ISRO's Chandrayaan 1 spots rusting on planet Moon, Earth's atmosphere could be a reason
New Delhi : In yet another significant data of Moon having water on its surface, ISRO's Chandrayaan 1 has shown rusting on the planet.
With rusting seen on the planet, it is clear that water must be present on the planet as the phenomenon can happen only when iron comes in contact with water and oxygen.
It is known that Moon is rich in Iron but the presence of oxygen and water on it has been a question of investigation for many years.
"The Moon is a terrible environment for hematite to form in," said Shuai Li, the lead author of the paper published in Science Advances.
Meanwhile, researchers in NASA have a different take and claim that Earth's atmosphere may have a role to play in it.
The moon is mostly in direct contact with the Sun's solar particles and without atmosphere hydrogen must prevent the surface from getting rusted. So in order to have rust, such particles must be stopped from coming in direct contact.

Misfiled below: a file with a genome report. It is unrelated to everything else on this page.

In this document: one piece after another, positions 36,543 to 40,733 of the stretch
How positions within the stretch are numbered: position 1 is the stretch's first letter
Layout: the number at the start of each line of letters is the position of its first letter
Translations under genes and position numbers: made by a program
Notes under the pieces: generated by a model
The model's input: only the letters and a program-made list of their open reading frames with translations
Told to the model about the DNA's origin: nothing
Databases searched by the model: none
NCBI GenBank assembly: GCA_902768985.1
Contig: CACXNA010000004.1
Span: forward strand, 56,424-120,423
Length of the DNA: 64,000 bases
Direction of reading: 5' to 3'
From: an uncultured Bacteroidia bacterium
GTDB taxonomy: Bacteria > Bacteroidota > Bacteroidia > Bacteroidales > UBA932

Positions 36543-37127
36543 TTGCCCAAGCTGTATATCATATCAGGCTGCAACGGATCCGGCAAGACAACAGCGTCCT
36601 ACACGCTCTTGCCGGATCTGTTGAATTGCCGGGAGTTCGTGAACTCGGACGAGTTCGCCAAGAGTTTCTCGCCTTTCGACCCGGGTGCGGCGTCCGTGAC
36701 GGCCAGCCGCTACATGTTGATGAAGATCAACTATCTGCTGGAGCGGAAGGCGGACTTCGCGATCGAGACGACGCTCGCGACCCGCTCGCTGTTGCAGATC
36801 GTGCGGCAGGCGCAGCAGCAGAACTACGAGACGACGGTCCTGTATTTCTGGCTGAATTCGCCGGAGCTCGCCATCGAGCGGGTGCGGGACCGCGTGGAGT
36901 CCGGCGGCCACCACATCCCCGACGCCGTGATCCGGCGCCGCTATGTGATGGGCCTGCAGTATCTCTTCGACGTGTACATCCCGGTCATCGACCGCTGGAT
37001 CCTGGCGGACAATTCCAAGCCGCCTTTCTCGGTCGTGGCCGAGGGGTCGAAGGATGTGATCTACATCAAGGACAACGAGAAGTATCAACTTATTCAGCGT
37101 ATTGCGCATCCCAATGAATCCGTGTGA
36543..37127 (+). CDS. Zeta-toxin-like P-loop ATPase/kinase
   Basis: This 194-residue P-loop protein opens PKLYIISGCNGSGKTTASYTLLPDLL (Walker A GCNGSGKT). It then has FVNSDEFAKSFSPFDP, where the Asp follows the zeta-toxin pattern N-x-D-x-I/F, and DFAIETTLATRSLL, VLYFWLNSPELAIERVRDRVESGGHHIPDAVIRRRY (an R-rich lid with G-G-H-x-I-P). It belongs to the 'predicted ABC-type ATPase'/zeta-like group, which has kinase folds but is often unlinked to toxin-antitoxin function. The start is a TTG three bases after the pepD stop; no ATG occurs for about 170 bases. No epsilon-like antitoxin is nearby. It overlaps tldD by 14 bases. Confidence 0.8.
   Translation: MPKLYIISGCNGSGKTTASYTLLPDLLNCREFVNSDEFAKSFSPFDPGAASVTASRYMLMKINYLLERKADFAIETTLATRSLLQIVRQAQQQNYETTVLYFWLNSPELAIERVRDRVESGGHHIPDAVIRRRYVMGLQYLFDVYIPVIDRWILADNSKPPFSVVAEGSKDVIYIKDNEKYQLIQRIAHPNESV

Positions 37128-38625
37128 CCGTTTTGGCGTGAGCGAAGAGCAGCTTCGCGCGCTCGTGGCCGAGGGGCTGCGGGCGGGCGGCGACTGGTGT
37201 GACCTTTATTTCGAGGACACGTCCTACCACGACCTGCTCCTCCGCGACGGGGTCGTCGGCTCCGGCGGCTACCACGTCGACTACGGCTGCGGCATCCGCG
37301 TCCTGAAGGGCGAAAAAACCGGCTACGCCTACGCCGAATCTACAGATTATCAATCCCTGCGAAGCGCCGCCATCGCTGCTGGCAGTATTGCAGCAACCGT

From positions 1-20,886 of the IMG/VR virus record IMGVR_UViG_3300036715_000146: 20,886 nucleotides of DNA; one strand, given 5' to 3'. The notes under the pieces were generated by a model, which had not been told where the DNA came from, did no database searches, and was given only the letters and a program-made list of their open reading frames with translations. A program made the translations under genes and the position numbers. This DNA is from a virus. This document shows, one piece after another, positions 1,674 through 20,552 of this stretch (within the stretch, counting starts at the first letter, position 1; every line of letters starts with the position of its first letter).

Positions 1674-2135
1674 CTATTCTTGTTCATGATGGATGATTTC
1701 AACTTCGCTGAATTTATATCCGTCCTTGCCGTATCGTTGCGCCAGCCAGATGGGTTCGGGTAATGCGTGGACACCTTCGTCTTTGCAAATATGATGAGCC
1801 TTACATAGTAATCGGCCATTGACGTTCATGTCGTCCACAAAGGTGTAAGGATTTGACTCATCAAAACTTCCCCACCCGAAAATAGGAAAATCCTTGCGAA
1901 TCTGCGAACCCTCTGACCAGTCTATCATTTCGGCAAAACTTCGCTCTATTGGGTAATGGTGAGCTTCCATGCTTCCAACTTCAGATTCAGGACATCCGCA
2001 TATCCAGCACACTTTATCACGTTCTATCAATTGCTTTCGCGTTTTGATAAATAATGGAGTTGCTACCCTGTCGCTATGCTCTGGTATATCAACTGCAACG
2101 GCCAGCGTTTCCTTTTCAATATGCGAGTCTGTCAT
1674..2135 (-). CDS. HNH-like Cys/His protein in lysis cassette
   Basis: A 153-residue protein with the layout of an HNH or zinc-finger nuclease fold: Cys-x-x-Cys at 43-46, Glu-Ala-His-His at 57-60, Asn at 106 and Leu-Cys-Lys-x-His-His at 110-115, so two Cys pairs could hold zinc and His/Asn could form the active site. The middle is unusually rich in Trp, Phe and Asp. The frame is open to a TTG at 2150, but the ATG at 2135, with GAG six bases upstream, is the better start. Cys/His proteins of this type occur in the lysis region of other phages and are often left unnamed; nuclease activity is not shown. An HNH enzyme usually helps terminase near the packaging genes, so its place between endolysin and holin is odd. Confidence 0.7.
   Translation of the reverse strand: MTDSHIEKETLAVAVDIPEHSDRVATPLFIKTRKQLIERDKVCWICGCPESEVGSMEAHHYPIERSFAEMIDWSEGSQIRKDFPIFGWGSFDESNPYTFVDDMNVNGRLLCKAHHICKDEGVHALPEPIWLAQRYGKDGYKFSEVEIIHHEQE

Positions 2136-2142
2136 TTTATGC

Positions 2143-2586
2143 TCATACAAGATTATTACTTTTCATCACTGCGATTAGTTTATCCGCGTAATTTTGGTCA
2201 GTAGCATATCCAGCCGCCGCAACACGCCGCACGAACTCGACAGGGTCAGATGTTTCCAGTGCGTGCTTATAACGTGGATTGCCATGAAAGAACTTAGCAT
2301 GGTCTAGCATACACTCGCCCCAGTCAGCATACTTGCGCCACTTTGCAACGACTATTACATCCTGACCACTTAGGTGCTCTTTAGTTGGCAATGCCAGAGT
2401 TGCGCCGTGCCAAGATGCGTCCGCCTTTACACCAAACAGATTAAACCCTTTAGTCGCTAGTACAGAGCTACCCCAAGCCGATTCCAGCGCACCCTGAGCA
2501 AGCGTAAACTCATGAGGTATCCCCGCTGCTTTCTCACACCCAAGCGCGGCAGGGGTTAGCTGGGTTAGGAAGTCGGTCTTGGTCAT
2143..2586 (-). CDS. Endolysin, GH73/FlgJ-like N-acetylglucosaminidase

Earth’s atmosphere may have had a helping hand to give. The planet’s magnetotail — the part of its magnetic atmosphere that extends away from the Sun — is capable of blocking out 99% of the solar wind aimed at the Moon when it’s in its Full Moon phase.
That part of the lunar cycle gives iron on the Moon occasional windows of opportunity for rust to form.
Earth’s magnetotail does more than just provide the Moon with a shield. During that interaction, some of the oxygen from the planet also gets transferred over. This was confirmed by Japan’s Kaguya orbiter in 2007.
Meanwhile, the Moon is believed to be a dry planet, it is likely that the poles of the planet may be hosting water and there have been many significant examples to prove it.